I worry that the news that Amtrak loses millions of dollars a year on food services is going to be misinterpreted. To a lot of the people who matter in media and politics “Amtrak” means “the guys who run the Northeast Corridor trains” and it seems unimaginable that they could lose that much on food service. If you delve into the report, however, it’s clear that the losses are coming from Amtrak’s weird long-haul routes off the NEC rather than from the Boston-D.C. service that actually approaches sensible intercity rail.
That said, this is no excuse for losing tons of money on food service! If selling food on trains isn’t a profit center for the train operator, then the train operator is doing something badly wrong. And Nick Rahall’s comments on this make me want to cry:
Representative Nick J. Rahall II, Democrat of West Virginia and the ranking member on the committee, said the hearing was a not-so-veiled attempt by Republicans to get rid of Amtrak food service workers, who number about 1,200.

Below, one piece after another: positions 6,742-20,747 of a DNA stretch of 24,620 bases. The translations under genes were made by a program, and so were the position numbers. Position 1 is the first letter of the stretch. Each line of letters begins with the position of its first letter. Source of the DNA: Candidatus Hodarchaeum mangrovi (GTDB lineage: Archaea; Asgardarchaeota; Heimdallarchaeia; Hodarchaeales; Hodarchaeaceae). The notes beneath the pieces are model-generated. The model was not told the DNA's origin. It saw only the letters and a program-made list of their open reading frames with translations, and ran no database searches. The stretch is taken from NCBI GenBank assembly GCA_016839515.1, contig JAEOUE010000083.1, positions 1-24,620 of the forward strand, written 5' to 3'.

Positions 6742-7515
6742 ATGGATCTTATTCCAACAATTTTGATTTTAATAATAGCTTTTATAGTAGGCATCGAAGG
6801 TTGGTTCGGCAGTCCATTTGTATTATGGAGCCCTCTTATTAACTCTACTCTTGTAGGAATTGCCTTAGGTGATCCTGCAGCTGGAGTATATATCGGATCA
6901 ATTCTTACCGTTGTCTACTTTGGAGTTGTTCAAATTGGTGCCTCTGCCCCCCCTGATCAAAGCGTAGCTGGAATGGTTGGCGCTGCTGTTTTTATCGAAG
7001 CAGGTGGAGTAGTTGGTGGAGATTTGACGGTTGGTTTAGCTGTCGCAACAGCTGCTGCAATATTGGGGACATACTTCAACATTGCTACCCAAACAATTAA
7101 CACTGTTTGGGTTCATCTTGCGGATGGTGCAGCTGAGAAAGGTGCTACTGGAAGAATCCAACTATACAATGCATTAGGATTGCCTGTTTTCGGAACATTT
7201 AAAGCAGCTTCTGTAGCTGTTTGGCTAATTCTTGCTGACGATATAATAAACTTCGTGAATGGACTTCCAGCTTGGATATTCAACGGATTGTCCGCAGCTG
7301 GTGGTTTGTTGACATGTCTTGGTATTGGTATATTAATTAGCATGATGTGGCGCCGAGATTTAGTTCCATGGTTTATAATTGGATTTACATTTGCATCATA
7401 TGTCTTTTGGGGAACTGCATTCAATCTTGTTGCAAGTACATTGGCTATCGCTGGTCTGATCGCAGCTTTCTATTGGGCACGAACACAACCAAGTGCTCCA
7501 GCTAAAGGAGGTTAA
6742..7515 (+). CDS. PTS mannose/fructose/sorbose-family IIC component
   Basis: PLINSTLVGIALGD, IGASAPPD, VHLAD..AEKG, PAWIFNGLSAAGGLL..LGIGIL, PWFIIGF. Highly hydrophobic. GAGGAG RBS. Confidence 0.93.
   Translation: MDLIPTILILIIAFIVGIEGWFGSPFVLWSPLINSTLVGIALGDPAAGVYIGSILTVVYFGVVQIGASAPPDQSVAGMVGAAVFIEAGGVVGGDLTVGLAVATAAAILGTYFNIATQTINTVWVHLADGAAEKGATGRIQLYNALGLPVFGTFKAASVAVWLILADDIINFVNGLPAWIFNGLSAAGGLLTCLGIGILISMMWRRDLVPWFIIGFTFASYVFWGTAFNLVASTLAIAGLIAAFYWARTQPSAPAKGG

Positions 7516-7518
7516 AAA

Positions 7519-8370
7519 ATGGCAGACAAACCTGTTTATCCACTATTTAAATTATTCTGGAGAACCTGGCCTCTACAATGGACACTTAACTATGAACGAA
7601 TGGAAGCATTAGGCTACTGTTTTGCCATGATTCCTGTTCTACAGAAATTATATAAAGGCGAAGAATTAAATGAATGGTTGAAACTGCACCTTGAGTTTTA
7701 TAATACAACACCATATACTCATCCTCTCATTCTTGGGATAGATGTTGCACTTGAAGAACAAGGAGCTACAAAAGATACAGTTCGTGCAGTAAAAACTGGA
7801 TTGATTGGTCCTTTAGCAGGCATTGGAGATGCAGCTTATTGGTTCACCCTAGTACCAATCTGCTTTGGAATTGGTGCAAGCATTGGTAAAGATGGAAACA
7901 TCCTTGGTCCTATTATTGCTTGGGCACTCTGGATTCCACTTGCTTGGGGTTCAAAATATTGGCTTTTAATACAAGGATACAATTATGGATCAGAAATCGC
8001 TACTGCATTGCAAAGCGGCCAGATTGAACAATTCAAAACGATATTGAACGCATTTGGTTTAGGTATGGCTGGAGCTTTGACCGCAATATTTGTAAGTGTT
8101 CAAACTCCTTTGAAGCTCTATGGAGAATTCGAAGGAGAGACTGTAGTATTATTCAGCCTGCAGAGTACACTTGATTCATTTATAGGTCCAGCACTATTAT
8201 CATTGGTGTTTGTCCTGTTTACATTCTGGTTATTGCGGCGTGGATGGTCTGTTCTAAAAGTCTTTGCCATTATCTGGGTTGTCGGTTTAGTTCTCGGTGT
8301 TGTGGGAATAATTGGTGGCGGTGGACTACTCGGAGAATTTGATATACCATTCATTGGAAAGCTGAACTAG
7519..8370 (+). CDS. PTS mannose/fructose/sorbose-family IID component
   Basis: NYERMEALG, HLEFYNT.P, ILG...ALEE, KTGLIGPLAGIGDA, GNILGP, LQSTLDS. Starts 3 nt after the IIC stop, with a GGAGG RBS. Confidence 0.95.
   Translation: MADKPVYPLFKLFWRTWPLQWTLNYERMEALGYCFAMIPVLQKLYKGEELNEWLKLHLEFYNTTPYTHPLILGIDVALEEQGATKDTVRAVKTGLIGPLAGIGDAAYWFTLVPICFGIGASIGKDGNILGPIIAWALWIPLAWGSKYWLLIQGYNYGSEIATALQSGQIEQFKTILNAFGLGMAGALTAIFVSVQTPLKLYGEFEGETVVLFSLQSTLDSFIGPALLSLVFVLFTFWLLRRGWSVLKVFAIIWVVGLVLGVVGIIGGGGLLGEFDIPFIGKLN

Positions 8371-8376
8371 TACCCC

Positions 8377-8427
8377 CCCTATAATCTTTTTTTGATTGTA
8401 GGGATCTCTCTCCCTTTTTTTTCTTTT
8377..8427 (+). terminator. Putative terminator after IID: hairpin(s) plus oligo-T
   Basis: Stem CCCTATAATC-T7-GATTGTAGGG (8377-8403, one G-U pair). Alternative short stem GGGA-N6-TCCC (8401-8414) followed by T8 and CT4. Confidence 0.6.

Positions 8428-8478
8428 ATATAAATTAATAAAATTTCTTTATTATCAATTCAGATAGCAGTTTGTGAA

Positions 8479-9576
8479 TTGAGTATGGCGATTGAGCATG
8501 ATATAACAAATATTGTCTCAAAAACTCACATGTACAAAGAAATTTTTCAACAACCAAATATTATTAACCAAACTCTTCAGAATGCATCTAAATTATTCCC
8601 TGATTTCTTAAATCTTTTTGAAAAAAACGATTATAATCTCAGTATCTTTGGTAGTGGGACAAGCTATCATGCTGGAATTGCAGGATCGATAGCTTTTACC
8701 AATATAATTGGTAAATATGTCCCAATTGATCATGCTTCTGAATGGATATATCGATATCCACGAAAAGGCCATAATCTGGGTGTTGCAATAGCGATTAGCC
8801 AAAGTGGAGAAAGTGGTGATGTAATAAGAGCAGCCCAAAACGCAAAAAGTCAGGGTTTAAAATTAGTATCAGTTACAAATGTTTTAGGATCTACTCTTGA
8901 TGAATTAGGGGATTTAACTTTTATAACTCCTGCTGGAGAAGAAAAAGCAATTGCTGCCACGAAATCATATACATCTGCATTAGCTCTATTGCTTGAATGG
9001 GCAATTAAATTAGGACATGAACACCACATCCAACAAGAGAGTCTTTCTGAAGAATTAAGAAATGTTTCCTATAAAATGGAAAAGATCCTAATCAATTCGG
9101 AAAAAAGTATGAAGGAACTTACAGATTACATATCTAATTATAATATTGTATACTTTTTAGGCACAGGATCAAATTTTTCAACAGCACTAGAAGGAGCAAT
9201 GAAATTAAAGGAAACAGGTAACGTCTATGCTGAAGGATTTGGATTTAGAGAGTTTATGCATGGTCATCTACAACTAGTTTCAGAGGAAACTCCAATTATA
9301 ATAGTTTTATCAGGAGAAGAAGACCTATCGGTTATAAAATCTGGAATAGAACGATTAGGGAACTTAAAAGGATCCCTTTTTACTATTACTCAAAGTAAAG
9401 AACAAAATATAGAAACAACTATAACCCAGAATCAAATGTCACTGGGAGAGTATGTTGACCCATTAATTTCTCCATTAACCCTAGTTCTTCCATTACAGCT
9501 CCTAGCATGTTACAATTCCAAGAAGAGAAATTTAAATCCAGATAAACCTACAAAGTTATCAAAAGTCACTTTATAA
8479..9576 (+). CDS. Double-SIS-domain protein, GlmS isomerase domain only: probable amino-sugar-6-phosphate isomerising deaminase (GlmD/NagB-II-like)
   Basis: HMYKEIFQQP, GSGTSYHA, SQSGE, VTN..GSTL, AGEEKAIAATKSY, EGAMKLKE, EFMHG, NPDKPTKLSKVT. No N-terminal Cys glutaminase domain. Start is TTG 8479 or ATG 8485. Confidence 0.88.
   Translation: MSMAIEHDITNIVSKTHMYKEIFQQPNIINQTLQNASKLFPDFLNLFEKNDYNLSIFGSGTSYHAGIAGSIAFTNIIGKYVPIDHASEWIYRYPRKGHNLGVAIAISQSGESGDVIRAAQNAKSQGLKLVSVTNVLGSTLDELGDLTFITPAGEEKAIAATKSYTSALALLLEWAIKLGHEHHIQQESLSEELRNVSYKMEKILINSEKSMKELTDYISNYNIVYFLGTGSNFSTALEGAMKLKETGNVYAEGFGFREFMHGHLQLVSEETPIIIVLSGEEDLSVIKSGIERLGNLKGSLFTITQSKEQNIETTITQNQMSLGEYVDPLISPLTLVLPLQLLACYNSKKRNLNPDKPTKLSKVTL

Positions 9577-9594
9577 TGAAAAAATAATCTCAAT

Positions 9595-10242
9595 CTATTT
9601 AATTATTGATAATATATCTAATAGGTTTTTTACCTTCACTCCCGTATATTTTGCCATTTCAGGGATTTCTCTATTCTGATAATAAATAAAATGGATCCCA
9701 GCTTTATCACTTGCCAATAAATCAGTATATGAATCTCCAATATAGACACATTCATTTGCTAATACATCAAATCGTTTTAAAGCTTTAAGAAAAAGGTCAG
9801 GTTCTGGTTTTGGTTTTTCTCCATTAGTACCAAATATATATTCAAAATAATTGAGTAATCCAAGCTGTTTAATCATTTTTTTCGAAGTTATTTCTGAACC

“It’s a whopper of an idea, trading good-paying jobs for cheaper hamburgers,” Mr. Rahall said.
This conception of government agencies as primarily jobs programs for public sector workers rather than public service providers is really toxic. The point of Amtrak is to provide passenger rail services. Its workforce practices should be designed with that end in mind. If adopting a leaner workforce would allow Amtrak to invest the money needed to run faster trains while holding fares constant, that would be a huge win for American transportation. And over the long run, the only way to have a vibrant railroad workforce in America is to have a vibrant railroad sector. But to have a vibrant railroad sector, Amtrak has to be focused on trying to run a railroad, not trying to create a handful of make-work jobs.